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Who'll win the Cup and in how many games?

Canucks take it in 6

Helene Elliott

Los Angeles Times

It's incredible to think that no team based in Canada has won the Stanley Cup since 1993, when a certain illegal stick carried by a certain member of the Kings reversed the tide after the Kings had won the opener and launched the Canadiens to a five-game series win.

The drought is about to end. Lord Stanley's trophy will take up residence in Canada within the next two weeks, after the Canucks defeat the Bruins in six games in this year's Cup finals.

It could be close. Each team survived a seven-game challenge in the first round and each has had to play 18 games to get to the finals. Each team's goaltender, Boston's Tim Thomas and Vancouver's Roberto Luongo, has compiled a 2.29 goals-against average over the course of the playoffs.

But the Canucks are too deep, too balanced and too skillful for the Bruins, whose weak special-team play is likely to finally catch up with them and cost them.

helliott@tribune.com

Balanced Bruins in 6

Ron Fritz

Baltimore Sun

Vancouver has been one of the popular choices since the start of the season to win the Stanley Cup. But right now it's Boston's Cup to lose.

The Bruins will win in six games because they are balanced offensively, they have Zdeno Chara on defense and they have Tim Thomas in net.

The Canucks are loaded on offense, but defensively they don't scare you. Goalie Roberto Luongo has had shaky moments.

I like a Bruins team that swept the Flyers and shut down the high-scoring Lightning in Game 7, 1-0, to advance to the finals. They are physically more imposing than the Canucks. The one flaw Boston has is on the power play. It's just awful right now.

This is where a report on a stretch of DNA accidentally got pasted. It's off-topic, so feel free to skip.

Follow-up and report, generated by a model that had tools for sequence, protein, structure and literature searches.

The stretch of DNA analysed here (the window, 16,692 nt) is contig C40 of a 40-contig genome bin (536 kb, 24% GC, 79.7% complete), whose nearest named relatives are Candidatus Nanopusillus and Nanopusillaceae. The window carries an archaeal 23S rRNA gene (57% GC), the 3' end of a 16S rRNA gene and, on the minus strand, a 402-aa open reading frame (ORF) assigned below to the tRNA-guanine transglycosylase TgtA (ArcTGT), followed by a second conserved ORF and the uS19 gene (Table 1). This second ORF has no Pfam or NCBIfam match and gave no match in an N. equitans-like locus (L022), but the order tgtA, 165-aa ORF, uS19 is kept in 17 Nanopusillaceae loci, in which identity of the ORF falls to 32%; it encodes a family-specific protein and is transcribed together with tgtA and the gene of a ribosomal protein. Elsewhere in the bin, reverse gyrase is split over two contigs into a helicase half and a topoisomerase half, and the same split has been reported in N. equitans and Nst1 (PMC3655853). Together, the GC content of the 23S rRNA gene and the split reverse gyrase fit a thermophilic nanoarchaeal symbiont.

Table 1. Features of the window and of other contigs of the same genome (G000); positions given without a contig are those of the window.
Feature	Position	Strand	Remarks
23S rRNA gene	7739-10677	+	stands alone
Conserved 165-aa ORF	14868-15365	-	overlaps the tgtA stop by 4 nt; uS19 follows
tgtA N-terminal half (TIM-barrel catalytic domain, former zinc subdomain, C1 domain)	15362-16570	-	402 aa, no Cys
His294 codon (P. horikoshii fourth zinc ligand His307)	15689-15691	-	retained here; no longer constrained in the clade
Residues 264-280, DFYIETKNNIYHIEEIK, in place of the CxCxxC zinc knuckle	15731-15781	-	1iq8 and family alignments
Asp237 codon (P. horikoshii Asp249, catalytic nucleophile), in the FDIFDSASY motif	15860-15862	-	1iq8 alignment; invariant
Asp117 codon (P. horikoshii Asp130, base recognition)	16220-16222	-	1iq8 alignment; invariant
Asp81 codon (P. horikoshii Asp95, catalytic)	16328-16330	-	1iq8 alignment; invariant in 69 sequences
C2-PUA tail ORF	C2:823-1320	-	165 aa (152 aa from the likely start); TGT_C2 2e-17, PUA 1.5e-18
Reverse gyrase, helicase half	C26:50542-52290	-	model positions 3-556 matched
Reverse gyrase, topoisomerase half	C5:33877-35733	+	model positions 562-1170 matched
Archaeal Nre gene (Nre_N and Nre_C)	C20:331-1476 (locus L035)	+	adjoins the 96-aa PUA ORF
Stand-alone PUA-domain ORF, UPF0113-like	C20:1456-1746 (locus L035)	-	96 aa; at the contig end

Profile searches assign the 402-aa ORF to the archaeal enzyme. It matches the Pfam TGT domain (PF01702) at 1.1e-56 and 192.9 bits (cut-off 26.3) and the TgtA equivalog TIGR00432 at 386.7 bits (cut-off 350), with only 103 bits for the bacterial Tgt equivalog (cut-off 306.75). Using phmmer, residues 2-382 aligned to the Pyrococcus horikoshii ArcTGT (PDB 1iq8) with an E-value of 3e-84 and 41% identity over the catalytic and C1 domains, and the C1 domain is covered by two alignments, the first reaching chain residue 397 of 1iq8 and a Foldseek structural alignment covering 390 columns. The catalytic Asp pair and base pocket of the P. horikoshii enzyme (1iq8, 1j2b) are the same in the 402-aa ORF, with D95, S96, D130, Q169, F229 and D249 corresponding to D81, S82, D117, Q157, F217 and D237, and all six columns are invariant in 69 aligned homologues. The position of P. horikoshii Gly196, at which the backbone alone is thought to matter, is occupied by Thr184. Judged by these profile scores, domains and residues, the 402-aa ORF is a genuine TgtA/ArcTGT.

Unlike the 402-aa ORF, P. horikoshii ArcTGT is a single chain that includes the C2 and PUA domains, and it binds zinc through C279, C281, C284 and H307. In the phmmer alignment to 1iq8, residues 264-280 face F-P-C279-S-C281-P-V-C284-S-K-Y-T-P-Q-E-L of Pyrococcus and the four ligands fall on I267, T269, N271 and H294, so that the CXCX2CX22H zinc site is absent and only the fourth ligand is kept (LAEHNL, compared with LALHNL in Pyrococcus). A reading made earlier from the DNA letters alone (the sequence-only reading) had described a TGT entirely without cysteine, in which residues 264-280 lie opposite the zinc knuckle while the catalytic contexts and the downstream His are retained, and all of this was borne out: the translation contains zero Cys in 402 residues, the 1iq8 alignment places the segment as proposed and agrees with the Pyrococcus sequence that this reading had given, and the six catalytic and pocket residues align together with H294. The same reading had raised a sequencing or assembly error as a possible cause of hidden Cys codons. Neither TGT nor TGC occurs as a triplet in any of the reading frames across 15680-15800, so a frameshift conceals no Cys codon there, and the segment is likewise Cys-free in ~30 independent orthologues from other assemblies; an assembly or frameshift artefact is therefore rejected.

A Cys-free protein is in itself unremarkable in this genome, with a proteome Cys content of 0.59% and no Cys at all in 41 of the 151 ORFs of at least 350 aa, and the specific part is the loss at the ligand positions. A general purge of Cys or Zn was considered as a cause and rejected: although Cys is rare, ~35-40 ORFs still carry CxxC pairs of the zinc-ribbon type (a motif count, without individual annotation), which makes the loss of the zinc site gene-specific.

But the Bruins will get it done. Someone in New England will be eating clam chowder out of the Cup.

rtfritz@tribune.com

Game 7 heaven for B's

Harvey Fialkov

Sun Sentinel

If the finals were being played on paper instead of ice then Vancouver would be hoisting Lord Stanley for the first time in their 40-year history.

They're not.

Despite Boston's far-from-special units, including a toothless power play that has lit the lamp just five times in 62 attempts, the B's have a few secret weapons that will help them end their own 39-year Cupless drought.

Their names are late-blooming goalie Tim Thomas and Panthers escapee Nathan Horton, who after six years of golfing in May has flourished in his first playoff run with eight goals, including three game-winners, two coming in Game 7s.

With towering defenseman Zdeno Chara blanketing the Sedin twins, and his partner Dennis Seidenberg blocking Conn Smythe candidate Ryan Kesler's forays to the net, the Bruins will score enough soft goals to win in seven.

hfialkov@tribune.com

Vancouver prevails in 6

Chris Kuc

Chicago Tribune

The Canucks were the best team in the NHL during the regular season and haven't missed a beat in dispatching the Blackhawks, Predators and Sharks en route to the finals.

With a potent offense led by the Sedin twins — Henrik and Daniel — along with Conn Smythe Trophy candidate Ryan Kesler, a lethal power play, Manny Malhotra's possible return from a serious eye injury and a steady Roberto Luongo in goal, there's little reason to doubt the Canucks won't cap their run with their first Stanley Cup.

The Bruins, who are seeking their first Cup since 1972, will put up a fight as long as goaltender Tim Thomas continues his remarkable play and Zdeno Chara remains a force along the blue line.

When the dust settles, Vancouver will be party city. Canucks in six.

ckuc@tribune.com

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